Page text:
Inner Circle Labs WorkAway Week: What I Learned

For the first time in our short company history, we did a WorkAway week. This is a program we hope to sponsor annually. The idea, bring the whole team and work/play somewhere remote for a week. We are just wrapping up a week in the North Shore of Oahu in Hawaii. This lovely house is equipped with wifi and everything a group would need to have a good time. When we planned the trip, I knew we would have fun but I was a little nervous about how much I’d need to watch over the team to make sure everyone was productive and actually getting work done.

I have been surprised at how productive we have been – I would even argue that we were as productive as we would have been at home, when it came to tactical work, and that we took more time than we usually allow ourselves to brainstorm, think of creative ideas and think of new ways to improve the company and our partner programs. These “softer” things are critical – but they are easy to push off when an urgent media request or business need come up. Somehow, being three hours behind California and having one of the world’s most beautiful beaches 15 steps away, did wonders to get our creative juices flowing.

Beyond being super-productive, we also got to know each other better. As one of our esteemed cohorts just said “I wasn’t sure if we’d all get along being together 24/7 for a week, and we did!” Working in startup mode is like being a family in many ways – you have you’re good and bad days, you love each other one day and want to run away the next – and we learned a lot about our Inner Circle family this week.

A few things I learned about company-sponsored remote work trips:

  • People put more value on this sort of thing that it costs you to do it (by my calculations, the team wouldn’t trade this trip for any less than 5x what it actually cost to make happen).
  • When it looks like it might be hard to get actual work done in the far-away place, trust your team, they want to have the same opportunity again (huge motivator) and they’ll surprise you with their focus and drive.
  • Plan some team outings/exercises but leave some time to be spontaneous – sure, our trip to the Polynesian Cultural Center was great, but the bacon-wrapped hot dog incident, the “would you rather” game and our sea turtle sighting will always be close to my heart.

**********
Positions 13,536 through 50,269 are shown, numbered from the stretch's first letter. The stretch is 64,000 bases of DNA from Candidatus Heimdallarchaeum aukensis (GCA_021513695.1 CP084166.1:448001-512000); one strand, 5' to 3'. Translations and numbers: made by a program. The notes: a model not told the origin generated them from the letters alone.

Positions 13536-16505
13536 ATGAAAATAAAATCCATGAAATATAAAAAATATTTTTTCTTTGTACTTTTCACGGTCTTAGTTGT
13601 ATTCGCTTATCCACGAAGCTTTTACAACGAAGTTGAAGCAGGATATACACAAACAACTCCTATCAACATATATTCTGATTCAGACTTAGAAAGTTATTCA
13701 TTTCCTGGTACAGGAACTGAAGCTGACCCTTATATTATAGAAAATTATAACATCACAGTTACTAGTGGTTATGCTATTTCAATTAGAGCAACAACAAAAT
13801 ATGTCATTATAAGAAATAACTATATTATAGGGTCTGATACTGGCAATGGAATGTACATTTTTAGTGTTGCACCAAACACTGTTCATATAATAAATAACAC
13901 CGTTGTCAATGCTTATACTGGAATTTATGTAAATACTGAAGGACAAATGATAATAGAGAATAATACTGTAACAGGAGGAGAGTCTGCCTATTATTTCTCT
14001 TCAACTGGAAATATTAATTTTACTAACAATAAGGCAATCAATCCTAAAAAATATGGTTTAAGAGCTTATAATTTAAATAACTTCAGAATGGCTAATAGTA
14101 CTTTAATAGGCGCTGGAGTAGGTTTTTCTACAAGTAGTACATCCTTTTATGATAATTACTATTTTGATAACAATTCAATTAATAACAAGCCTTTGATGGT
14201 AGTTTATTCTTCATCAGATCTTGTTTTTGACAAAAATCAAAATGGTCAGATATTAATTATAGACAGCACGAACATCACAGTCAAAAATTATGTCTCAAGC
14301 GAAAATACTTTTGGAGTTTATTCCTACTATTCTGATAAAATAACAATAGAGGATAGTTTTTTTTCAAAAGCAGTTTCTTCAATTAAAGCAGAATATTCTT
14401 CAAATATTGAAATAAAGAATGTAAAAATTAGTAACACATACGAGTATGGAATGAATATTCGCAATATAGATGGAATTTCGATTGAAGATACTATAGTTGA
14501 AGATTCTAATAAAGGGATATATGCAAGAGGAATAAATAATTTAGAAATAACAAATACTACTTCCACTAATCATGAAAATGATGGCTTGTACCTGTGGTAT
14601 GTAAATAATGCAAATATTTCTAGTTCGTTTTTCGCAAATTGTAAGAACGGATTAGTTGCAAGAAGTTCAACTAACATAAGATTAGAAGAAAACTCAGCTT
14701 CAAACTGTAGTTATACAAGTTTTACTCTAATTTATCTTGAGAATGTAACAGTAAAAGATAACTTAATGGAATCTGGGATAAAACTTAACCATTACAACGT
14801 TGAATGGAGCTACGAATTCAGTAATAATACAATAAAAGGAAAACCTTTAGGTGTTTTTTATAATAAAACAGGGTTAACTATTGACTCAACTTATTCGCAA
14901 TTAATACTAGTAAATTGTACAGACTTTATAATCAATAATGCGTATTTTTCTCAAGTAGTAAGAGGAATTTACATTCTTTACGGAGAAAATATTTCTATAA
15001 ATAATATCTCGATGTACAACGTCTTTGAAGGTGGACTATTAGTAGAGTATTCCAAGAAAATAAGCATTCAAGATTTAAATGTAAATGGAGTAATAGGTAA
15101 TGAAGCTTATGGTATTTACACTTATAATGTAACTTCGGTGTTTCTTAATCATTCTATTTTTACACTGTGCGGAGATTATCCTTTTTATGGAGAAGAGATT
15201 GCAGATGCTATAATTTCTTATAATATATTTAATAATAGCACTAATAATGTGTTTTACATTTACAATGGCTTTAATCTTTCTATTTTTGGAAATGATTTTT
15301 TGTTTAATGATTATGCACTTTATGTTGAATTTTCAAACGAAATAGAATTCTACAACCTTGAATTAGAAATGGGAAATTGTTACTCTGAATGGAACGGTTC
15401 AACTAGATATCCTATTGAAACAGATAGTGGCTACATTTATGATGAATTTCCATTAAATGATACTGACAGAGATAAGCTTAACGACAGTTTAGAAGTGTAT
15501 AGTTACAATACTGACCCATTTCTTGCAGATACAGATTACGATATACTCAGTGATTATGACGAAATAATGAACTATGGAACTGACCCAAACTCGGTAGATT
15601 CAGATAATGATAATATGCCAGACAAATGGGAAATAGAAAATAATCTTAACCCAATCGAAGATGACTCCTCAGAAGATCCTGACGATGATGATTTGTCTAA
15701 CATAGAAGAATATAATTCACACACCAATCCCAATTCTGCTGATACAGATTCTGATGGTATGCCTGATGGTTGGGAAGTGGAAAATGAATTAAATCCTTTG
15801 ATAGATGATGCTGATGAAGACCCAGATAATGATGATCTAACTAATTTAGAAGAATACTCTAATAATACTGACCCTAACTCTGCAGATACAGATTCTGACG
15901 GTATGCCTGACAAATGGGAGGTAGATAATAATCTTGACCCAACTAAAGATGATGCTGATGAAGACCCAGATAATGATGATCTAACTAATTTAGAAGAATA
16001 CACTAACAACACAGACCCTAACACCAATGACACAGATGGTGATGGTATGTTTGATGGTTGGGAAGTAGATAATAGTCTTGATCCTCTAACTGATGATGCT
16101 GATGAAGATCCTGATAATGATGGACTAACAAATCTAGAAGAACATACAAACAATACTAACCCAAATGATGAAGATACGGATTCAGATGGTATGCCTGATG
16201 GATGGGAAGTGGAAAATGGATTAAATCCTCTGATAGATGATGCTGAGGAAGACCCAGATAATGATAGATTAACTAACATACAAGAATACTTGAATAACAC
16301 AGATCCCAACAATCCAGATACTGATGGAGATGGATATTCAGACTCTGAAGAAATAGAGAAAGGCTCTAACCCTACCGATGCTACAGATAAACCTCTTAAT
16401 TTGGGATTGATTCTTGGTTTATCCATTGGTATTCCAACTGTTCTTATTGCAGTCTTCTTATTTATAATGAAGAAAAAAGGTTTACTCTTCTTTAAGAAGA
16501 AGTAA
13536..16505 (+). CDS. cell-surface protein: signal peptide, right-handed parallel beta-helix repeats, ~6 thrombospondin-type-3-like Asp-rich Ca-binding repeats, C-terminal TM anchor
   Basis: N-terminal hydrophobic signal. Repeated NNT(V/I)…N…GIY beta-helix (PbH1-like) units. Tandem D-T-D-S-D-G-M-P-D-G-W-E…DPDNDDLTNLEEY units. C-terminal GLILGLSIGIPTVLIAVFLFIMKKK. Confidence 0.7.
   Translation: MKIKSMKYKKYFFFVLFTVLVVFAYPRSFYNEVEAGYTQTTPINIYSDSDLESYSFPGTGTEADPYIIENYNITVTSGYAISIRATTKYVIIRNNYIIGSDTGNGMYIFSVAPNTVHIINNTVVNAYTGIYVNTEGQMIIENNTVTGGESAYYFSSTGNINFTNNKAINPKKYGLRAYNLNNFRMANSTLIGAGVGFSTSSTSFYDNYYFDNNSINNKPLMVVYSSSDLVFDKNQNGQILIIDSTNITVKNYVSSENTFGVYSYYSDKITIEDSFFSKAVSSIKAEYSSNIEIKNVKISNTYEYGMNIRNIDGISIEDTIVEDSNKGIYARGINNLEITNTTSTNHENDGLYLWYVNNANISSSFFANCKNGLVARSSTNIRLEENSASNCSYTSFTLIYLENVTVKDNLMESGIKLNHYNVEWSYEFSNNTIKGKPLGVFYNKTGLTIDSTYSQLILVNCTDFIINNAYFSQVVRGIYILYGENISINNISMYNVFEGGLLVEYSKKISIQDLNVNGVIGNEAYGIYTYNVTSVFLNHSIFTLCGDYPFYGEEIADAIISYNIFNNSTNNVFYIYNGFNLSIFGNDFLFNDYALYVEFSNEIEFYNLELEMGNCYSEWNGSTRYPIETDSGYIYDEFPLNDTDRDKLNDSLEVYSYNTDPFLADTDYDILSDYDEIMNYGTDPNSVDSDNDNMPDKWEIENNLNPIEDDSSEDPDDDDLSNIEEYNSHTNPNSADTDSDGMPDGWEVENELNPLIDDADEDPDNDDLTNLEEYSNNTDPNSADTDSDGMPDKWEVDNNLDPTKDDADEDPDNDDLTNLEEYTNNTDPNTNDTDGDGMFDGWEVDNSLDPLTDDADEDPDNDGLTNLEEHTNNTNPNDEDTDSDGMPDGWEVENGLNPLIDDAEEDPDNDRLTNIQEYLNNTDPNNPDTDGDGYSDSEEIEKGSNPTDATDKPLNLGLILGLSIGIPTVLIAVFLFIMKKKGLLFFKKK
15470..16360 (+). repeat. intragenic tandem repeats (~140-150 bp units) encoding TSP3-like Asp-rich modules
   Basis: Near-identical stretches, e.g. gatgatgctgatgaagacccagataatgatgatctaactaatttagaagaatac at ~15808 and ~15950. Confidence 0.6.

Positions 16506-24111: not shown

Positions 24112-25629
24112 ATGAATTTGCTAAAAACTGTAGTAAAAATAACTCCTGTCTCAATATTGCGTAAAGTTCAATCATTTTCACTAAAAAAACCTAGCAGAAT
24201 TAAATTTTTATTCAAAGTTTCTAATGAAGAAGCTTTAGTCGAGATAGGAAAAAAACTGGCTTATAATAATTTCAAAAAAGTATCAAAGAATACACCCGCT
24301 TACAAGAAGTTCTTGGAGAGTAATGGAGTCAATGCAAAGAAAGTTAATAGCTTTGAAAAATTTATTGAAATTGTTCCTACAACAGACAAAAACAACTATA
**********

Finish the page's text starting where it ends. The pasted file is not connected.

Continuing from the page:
• Let everyone pitch in – circulating through iPods, dinner chefs and “what should we do tonight?” planners kept it interesting and helped us get to know each other even better.

A few things I might do differently next time:

  • Get a bigger house and bring some of our amazing partners.
  • Hold less “planned” meetings so we could spend more impromptu time.
  • In the weeks prior to the trip, set some team goals to accomplish during the trip (both on the work and leisure fronts).
  • Buy more fruit and less meat.
  • Put sunscreen on my shoulders even if I’m only going for a short one-on-one on the beach.

Either way, let me encourage you to take your team somewhere and go work together – our pals at CrowdFlower spent a week in Tahoe,  Expensify takes the team away for a month each year – we are planning to go for a week each year. If you can afford even a two or three day stint, it’s money well spent to motivate the team, create a stronger bond and get outside your work comfort zone. There’s no question that we will remember this week for a long time – and be better at what we do for it.

For your viewing pleasure, Emily Joffrion jumping off of the rock in Waimea Bay. http://www.youtube.com/watch?v=0H3bJ4R02z0 (P.S., her potty mouth makes a small showing at the end so watch out)

Update: Interesting read from another company with a remote work program, everyone’s doing it, man.

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~ by Julie Crabill on May 28, 2010.

One Response to “Inner Circle Labs WorkAway Week: What I Learned”

  1. Wish that I had come along on this trip! I wonder if something like this could work at a big company, too. Lots of teams have team outings, but there’s no reason that a manager couldn’t give his entire team permission to work remotely for a week. Hmm. . . ;)

    The only problem I see is that all y’all don’t have any childrens. WorkAway might be more difficult if you have 5 kids in the house, as your company grows.

    Still, I love this idea. Having fun and bonding with your coworkers really *is* important.

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